Once those things are decided it's time to storyboard the thing out. I choose to go pretty rough at this stage, some go surprisingly detailed (those dedicated souls). I think if you go too detailed at this stage it can be a waste of time incase there are a lot of changes to be made (such as text being shunted around to different pages & illustration concepts needing to be redrawn). This is where each page is sketched out, with it's corresponding text. 

I also include my thoughts or notes alongside the storyboard roughs too. I don't like to add a lot of thoughts there though, as I think it's good for people to see it first with their own thoughts untainted by my thoughts and then we can talk about all our thoughts together later on. So many thoughts :)
More detail will be added in final roughs when the story board is approved

After the story board is finished, it's submitted for approval, and here's where sometimes a lot of changes and back and forth-ing happens. This is the stage I'm at at the moment. I've done the story boarding for all of the pages, and have a meeting lined up to go over it all. 

Once the story board is all approved and everyone is happy, it's time to go onto the final roughs where I can add in lots more detail. For instance, in the above picture I have just represented where houses will be, they yet don't have any individuality or detail, but that will come in the final rough.

There are so many decisions along the way for a picture book, it's like a choose-your-own-adventure with a zillion different options at each stage. Does the text overlay the illustrations? How much white space is in the book? Is the text on white space? Are there illustrations on every page? Are the illustrations in vignettes? What style will the illustrations be? Will they be digital or traditionally drawn? Realistic or stylised? And so on and so on...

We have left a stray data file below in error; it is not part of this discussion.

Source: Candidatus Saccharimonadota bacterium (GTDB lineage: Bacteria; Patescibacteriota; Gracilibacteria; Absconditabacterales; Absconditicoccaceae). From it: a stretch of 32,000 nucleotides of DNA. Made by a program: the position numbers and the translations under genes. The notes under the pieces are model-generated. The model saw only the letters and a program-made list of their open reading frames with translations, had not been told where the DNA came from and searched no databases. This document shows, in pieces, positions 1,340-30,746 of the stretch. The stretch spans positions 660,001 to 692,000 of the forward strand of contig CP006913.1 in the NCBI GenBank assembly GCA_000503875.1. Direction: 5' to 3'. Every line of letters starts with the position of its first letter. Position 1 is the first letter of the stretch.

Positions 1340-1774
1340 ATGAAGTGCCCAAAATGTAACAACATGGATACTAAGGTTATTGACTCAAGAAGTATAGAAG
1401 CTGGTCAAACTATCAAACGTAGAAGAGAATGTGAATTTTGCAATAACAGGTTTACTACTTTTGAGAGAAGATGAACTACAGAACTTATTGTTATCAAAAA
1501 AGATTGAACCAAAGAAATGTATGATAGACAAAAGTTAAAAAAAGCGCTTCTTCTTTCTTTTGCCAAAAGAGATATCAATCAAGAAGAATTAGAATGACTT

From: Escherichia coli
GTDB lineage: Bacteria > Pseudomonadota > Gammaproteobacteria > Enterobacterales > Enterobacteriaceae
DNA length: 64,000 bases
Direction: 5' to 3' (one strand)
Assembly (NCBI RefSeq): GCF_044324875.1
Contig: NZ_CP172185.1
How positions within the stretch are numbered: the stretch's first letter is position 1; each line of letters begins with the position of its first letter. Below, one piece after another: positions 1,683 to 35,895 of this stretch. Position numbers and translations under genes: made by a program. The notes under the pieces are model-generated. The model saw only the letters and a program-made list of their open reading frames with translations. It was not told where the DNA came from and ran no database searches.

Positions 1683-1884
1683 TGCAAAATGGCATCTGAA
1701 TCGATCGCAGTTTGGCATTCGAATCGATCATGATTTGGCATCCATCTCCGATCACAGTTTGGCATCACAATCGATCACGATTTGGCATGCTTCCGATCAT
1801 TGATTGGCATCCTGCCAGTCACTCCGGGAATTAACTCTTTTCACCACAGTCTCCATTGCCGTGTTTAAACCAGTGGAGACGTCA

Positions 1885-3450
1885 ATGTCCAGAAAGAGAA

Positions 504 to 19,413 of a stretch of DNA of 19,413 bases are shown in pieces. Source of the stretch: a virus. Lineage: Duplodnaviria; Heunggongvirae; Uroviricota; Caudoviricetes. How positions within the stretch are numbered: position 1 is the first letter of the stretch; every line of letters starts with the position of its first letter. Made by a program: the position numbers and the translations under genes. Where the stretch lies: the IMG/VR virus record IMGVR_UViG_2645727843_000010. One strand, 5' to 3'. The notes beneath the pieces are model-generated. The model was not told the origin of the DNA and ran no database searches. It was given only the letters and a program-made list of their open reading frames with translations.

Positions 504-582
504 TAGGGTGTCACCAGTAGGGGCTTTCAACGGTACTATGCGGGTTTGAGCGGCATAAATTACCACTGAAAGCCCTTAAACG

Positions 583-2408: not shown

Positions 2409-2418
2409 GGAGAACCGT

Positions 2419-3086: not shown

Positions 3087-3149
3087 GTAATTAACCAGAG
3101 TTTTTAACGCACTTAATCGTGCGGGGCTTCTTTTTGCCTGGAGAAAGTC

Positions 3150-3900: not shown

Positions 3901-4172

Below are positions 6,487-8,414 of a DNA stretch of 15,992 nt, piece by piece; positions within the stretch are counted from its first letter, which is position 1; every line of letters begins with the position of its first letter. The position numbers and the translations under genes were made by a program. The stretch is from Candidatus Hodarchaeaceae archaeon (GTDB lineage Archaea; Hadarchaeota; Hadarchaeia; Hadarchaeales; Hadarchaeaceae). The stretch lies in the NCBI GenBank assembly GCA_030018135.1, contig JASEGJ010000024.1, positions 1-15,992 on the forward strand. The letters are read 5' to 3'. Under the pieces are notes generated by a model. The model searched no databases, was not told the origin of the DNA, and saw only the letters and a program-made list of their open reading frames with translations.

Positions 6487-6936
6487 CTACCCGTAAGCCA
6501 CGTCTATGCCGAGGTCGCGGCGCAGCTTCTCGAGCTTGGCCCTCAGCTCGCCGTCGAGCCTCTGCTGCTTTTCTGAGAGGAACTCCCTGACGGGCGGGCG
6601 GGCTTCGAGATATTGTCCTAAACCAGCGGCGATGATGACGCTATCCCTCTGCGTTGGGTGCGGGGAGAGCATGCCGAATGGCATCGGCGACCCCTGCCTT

And each publisher and author and illustrator combo have different ways of working too. Sometimes the author doesn't have a lot of input, sometimes they do. 

If you have any questions I'd love to hear them in the comments & I hope you enjoyed part 1 of making an illustrated children's picture book.

Jules :)

5 comments:

Jutta said...

Hello Jules,
Thank you for the insight on making magic! I am currently working on my very first picture book. I'm all by myself here and don't have a publisher yet. This means I will have to send it to publishers all finished, right? Or would it be helpfull to send them roughes and a porrfolio so they see my style?
Best wishes, Jutta

Jules Madden said...

That's a good question Jutta :) You'd have to look at individual publishers submission guidelines as each do things differently. Normally publishers only want you to submit the manuscript and then they choose the illustrator, so usually they do not like finished books being submitted. (As they will be involved in the whole creative process.) As an illustrator I submitted my folio to prospective publishers and gained work that way. It's not usually the author that chooses the illustrator. These days lots of people are choosing to self publish too, so that may be an option that you could look into. The industry is always changing, I once saw a publisher who opened up submissions to people pitching books and they wanted 3 double page spreads finished already, which I had never heard of before. I hope that info has been of some help! :)

Jutta said...

Wow, thank you a lot!
This is really helpfull and means I will have to concentrate on my folio instead. As for self publishing:I don't want go there. So I'll postpone my personal project and try to get into the industry.
I wish you all the best for your project :)
Thanks again, Jutta

Jess said...

Really informative Jules! I made a picture book once with a friend and we self published but I cringe in shame when I see it now lol! I didn't have a clue how to illustrate a book! Yours looks fantastic, love the cloud character!xx

Jules Madden said...

Thank you :) I totally get cringing at old work- I do that to all my old stuff! Though I'm sure your book was beautiful!